(On that note, I’m going to go work on my novel scene list, set the timer on the pomodoro, and summarize for 25 minutes. Just 25 minutes. I can do this!)

ANYTHING can be done, one thing at a time:

1. But you need to first set an intention (I am going to stop and do ___.)

2. A container of time (ex. I’m setting a timer–a pomodoro— for 25 minutes).

3. Add some motivating or focusing music.

4. Ask yourself what are 1-3 tiny steps I can take to get started?

5. Then tell yourself to “Go!” (And if you add a dose of Jia’s badass courage to face your fears of rejection and failure, you, too, can become “Rejection Proof!”)

A lot of the above has to do with mindfulness. Whether it’s getting through a run or a workout (one step, one rep, at a time), writing a novel (one word, one scene, one act at a time), or copywriting (just one small step at a time, first a sh%tty draft, one line at a time, then a “done is better than perfect final edit”).

Jia Jiang is motivating me to try experimenting with rejection, with welcoming “no’s” into my life, to look at fear in the face. So many things are swirling around in my brain, around trying things I’m usually afraid to do.

Some of my biggest fears when it comes to rejection:

1. Writing to publish

2. Submitting and pitching my writing to _____ (magazines, contests, literary journals, residencies)

3. Publishing articles on Medium and elsewhere

4. Finally hitting “Publish” on a draft that’s been sitting in my Medium account from over a year ago about how I used LSD for the first time as an adult in my 40s, combining it with carnivore, fasting, ketosis and having the most healing time in my life, despite once been diagnosed with bipolar disorder type 2 with debilitating depression, now mentally happier and physically healthier without any meds.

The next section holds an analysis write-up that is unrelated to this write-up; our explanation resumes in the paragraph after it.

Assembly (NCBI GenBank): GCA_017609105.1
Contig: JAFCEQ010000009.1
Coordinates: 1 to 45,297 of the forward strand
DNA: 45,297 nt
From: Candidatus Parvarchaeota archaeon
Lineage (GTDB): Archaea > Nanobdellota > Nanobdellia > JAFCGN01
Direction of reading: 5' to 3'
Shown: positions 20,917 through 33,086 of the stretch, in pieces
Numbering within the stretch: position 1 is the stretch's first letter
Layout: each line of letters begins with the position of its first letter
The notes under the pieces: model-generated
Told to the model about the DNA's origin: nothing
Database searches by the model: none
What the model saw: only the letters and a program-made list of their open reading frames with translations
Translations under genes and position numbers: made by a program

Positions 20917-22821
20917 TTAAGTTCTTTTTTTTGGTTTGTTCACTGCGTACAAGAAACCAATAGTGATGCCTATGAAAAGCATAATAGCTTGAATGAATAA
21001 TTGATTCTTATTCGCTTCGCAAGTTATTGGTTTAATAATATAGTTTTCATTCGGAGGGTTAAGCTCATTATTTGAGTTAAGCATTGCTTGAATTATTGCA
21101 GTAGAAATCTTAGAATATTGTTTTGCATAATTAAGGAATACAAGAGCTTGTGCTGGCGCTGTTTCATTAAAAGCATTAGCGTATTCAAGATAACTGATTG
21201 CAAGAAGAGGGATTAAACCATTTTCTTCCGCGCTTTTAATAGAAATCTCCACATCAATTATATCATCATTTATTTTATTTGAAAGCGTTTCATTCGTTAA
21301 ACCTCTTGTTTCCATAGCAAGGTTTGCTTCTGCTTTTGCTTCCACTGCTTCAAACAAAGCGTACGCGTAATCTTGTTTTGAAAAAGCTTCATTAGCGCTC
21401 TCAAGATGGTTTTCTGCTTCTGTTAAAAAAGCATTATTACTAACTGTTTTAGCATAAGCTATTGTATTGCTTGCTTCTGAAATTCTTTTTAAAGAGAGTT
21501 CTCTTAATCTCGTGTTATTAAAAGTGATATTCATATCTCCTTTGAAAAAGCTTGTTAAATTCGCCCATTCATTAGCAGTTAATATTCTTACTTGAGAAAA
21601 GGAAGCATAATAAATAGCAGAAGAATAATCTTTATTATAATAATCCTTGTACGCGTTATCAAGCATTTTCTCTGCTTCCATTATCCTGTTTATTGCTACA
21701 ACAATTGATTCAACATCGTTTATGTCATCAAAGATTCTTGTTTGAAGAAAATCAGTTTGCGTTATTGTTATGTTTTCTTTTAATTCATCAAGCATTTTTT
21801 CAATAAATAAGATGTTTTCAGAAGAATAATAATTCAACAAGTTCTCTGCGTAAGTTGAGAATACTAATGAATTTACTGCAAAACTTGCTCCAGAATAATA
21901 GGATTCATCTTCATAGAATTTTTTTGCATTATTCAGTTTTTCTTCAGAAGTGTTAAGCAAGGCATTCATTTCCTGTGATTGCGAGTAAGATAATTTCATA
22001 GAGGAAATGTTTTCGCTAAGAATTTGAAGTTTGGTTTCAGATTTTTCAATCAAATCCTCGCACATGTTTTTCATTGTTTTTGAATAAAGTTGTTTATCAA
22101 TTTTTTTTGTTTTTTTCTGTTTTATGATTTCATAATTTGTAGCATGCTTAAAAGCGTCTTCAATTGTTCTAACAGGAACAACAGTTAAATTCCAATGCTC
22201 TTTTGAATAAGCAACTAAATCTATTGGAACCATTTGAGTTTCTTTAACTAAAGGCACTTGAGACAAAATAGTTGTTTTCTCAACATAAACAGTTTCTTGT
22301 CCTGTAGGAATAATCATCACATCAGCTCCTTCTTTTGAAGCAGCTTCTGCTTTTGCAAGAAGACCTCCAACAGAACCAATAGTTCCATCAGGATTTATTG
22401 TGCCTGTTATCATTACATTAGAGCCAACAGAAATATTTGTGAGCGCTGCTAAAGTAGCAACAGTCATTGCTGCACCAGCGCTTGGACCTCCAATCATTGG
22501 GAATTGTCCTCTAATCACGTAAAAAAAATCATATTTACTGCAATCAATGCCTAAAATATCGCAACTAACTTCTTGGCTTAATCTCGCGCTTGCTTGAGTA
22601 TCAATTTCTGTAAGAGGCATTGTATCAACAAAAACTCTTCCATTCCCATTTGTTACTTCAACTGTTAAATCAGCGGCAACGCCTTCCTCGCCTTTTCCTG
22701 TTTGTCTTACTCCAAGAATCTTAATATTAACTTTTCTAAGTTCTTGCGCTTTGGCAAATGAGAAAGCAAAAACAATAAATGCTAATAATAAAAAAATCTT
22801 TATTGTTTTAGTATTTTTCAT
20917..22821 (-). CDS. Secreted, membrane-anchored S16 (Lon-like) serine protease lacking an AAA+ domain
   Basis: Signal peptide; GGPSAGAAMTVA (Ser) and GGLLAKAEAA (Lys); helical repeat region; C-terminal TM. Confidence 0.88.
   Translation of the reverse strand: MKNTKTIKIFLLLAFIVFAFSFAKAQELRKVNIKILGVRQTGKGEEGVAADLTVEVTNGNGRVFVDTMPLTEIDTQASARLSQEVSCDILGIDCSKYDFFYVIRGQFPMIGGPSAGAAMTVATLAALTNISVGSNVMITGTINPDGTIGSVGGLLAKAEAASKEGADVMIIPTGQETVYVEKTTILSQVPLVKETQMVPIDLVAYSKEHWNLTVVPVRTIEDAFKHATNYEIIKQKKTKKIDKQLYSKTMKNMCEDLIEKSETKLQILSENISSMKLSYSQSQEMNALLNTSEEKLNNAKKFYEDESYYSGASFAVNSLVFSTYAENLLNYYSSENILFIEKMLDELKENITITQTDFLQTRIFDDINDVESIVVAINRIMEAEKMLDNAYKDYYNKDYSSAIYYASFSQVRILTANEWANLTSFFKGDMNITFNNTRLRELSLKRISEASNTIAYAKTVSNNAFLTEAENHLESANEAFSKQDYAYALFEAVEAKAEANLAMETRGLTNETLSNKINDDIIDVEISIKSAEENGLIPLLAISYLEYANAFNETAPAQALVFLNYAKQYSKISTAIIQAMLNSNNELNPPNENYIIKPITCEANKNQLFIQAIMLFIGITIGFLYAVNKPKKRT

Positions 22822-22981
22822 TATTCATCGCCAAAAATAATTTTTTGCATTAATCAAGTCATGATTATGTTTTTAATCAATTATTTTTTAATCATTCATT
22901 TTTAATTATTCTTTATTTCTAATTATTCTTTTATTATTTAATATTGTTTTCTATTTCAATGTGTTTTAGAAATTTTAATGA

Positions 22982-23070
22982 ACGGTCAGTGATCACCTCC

5. Talking to strangers and making small talk/eye contact

6. Being in big groups (parties, conferences, etc.)

7. Chatting on social media, Slack, Zoom meetings.

8. Asking for a rate increase

9. Applying for other jobs/gigs/courting new clients

10. Taking improv and other creative classes

11. Texting/emailing friends back (afraid too much time has already passed)

12. Traveling alone

13. Making new friends in a brand new city


Inspired by Jia Jiang, I wrote up a “100 Rejections Challenge” for myself in my bujo, as a place to log all the tasks that make me uncomfortable and fearful, just so I can practice this facing of possible rejections in my daily life.

It’s funny how the tiniest things can make me fearful sometimes, induce stage fright, such as responding back to people on social media, texts, Slack messages. How making a simple ask from GoFundMe donors to help a grieving friend can make me want to run into a corner, drink wine and numb out with movies and/or bread or sugar. The thought of writing a Medium article or pitching a magazine editor makes me want to vomit. Sometimes, when I’m really off (like when my GKI is in the 50s or non-existent), even making small talk in the elevator with strangers makes me feel as if I’m jumping off a cliff without a parachute. Parties with people, even good friends, scare me. Reading my own writing aloud at literary readings have always been preceded with many glasses of wine. Once the structure of a workshop or class is over, I don’t know what to do with myself, my safety behavior is to run and hide, wishing I had an invisibility cloak to wear. Afraid to be found out, that I’m just a socially inept human being unable to interact normally.

I’m embracing rejection today.

“I dare you to reject me!” My insides are shouting. “I welcome it!”

What if I welcomed rejection every day this year? What would happen? What could possibly happen? Really?




Photo by YUXUAN WANG on Unsplash